The frequencies of complete responses to MORS (Child) and C-PRS were examined to assess the perceived relevance and adequacy of MORS (Child) to the target population in Warwickshire. To assess the relevance, sensitivity and signs of inappropriateness, the incidence of missing item responses was considered. In addition, the distributions of responses from complete responders highlighted the frequency of population responses.
Exploratory factor analysis was undertaken using SPSS statistical software to identify the factors assessed by the MORS (Child) and the C-PRS in this population. Extracted factors were then compared to those measured by the MORS-SF, and the C-PRS with older children.
Cronbach’s alpha was calculated for all subscales at ages 2, 3 and 4 years. Internal consistency estimates of >0.70 were sought .
Scale and item scores were examined for floor and ceiling effects and the normality assumption investigated using the Shapiro-Wilk test. Correlations between scores on MORS (Child) and the C-PRS were calculated using Spearman’s rank correlation coefficients.
The performance of the MORS (Child) scale was assessed in conjunction with the HOME inventory  in factor analysis using data collected on 287 families of children age 2-4yrs in a randomised controlled trial in south Wales . Results were compared with the performance of the C-PRS in a similar published analysis undertaken in the national evaluation of Sure Start using 120 families in each of 150 randomly sampled Sure Start areas . Invasiveness scores in the MORS (Child) scale were rescaled from 0–35 to 6–30 to correspond to the C-PRS conflict subscale. Similarly, we rescaled MORS (Child) warmth scores from 0–35 to 9–45 as in C-PRS closeness subscale.
This study was given a favourable opinion by the Biomedical Research Ethics Sub-Committee of Warwick Medical School. Written consent for publication was obtained from participants.
Participants and response rates
166 parents (113 female, 14 male and 39 gender not given) completed the MORS (Child) and C-PRS scales: 57 parents of children aged 4 years old, 50 of children aged 3 years and 59 of children aged 2 years. For the MORS (child) scale 110 parents found it easy to complete, 17 quite easy, 35 okay, none quite difficult and one parent said it was difficult to complete (n=163). For the C-PRS scale 104 parents reported it was easy, 22 quite easy, 37 okay, 2 quite difficult and none found it difficult to complete (n=165).
Comments on the ease of completion of the MORS (child) were:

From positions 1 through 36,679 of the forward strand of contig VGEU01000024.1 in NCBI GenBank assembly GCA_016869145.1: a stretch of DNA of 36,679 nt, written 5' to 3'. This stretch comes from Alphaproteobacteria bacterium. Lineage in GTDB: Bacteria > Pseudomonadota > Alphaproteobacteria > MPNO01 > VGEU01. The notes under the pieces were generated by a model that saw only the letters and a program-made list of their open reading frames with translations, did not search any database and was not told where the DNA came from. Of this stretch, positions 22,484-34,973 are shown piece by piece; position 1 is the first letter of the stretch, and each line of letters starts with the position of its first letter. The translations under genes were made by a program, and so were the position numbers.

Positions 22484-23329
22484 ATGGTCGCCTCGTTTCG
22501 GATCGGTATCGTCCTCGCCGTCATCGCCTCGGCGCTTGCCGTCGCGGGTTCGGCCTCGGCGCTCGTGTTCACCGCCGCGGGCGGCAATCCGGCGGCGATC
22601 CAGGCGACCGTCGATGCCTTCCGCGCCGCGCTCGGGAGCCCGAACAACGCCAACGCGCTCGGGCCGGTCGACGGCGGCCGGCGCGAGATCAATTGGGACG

‘My child has a lot of good and angry feelings at home’
‘As the questions asked ‘my child’…, if the question was my child's behaviour…, I may have responded differently. I thought question 7 was difficult as I like to give my child lots of attention so how to measure too much was not easy’
‘Q 14 doesn't really apply in the context of children’
‘Good but there seems to be no questions about the parent's mood, only the child's’
‘I found the questions bit hard to understand. e.g. my child annoys me - it depends what I’m trying to do at the time!’
‘All questions ok except question 4 as child isn't talking yet’
Comments on the ease of completion of the C-PRS were:
‘Just concentrating on filling this in whilst watching my son’
‘My child often wants to go to his dad when he has hurt himself’
‘Quite difficult as some days are good and some days aren't, or can be more difficult depending on how I am feeling. However, we do have a close relationship and a good routine. Some days go better than others’
‘The scale definitely apply etc., could be re-worded to be simpler’
‘Qs 5&15 are unsure as my child is quite young and doesn't really share her feelings as such’
‘Some of the questions were a bit too general. Q11: child drains energy - does this mean emotional or physical?’
‘Easy, however every other line should be shaded to make it even easier’
All parents completed all items in both scales. Three parents did not answer the question asking about ease of completion of the MORS (Child) questionnaire and one parent did not complete this for the C-PRS. Figure 2 shows the item response frequencies for both scales. Responses to the C-PRS show more evidence of skewed distribution than those for the MORS (Child). Some response categories were unused on some items in both scales.
A principal components analysis with orthogonal rotation (varimax) was conducted on the 14 MORS (Child) items. The Kaiser-Meyer-Olkin measure of sampling adequacy was .794 (above recommended value of .6), and Bartlett’s test of sphericity was significant (χ2(91) = 729.55, p<.001), showing factorability of the items. Furthermore, the communalities were all above .3, confirming that each item shared some common variance with other items. Two factors had eigenvalues >1 and together explained 45% of the variance. All items in the MORS (Child) questionnaire mapped onto one or other of these two factors. These matched the constructs described for the MORS-SF labelled ‘warmth’ and ‘invasiveness’ (Table 1).